With the average time to fill a position in manufacturing now at 100 days and the shortage of skilled workers expected to grow to 2.4 million unfilled jobs over the next decade, human resources (HR) and recruiters are facing a new reality.
In sectors with high-volume hiring, manually sorting and shortlisting millions of job applications per annum is an impossible task, and often means that organizations miss out on finding the best available candidates.
Enter artificial intelligence (AI). In recent years, tech companies have developed sophisticated robots that can scour hundreds of online resources — including personal websites, chat rooms, and social media platforms — to pull dozens of data points on potential candidates.
DeepSense, for example, will analyze a candidate’s online presence to create a report on “role fit” (learning ability, stability, attitude, autonomy, teamwork and so on), then assign scores for personality using common HR measurement tools, including the DISC assessment and the Big Five (OCEAN) personality analysis. These scores are then measured against the characteristics exhibited by the recruiting organization’s past data on successful candidates in order to come up with best-fit recommendations — much like the recommendation engines powering Netflix and Amazon.
Social activity is analyzed to create a personality profile by looking at linguistic patterns (such as positive versus negative words). It does not look at subject matter that may lead to bias in the recruitment process, such as politics or religion. Subjective human biases are also removed through the AI, ignoring factors such as age, race, and gender, concentrating instead on role fit and personality.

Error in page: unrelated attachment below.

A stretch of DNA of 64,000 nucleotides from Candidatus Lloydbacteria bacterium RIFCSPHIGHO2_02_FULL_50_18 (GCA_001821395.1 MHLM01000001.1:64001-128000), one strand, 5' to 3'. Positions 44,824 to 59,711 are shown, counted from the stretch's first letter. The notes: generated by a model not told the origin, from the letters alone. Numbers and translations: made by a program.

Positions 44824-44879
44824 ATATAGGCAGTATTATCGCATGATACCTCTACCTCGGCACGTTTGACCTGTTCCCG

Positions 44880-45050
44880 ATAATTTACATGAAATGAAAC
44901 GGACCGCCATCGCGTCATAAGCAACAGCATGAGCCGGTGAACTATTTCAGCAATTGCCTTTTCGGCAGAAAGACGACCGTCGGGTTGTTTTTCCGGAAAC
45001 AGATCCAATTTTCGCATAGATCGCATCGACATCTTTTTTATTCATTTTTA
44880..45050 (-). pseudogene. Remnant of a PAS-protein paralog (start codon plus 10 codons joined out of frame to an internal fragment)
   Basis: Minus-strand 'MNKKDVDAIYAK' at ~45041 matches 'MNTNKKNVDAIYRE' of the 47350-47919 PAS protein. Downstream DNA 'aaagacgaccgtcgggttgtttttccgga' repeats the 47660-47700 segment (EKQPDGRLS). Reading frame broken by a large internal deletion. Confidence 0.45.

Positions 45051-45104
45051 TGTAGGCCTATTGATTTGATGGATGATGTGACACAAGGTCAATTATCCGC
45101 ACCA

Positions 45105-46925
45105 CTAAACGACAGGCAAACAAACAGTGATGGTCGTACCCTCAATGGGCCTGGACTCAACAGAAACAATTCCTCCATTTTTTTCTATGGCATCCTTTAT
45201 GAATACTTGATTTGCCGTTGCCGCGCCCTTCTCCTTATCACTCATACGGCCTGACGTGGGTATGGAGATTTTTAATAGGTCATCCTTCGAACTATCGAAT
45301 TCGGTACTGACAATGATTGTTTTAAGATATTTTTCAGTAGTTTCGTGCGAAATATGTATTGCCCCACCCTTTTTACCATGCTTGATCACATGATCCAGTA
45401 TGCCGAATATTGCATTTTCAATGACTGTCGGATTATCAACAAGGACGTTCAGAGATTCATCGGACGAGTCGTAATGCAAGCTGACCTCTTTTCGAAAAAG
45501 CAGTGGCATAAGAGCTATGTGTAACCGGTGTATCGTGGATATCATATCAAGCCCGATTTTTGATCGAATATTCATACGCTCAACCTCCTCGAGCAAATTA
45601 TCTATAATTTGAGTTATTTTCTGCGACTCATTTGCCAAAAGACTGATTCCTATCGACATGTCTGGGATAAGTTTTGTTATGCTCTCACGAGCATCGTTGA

Recruitment AI isn’t perfect, but like most artificial intelligence, it will grow better as it learns. As of now, the tools available are unhelpful for finding candidates without a significant online presence, and any language-analysis bot will have trouble understanding online slang, irony, sarcasm, or words out of context.
For now, though, AI can be used to greatly speed up the initial “sifting” process, in which thousands of applications are shortlisted, narrowing them down to a manageable selection before human professionals take over. Recruitment AI is also proving invaluable in identifying high-quality “passive” candidates, who currently have a role but may be open to moving to a new organization.
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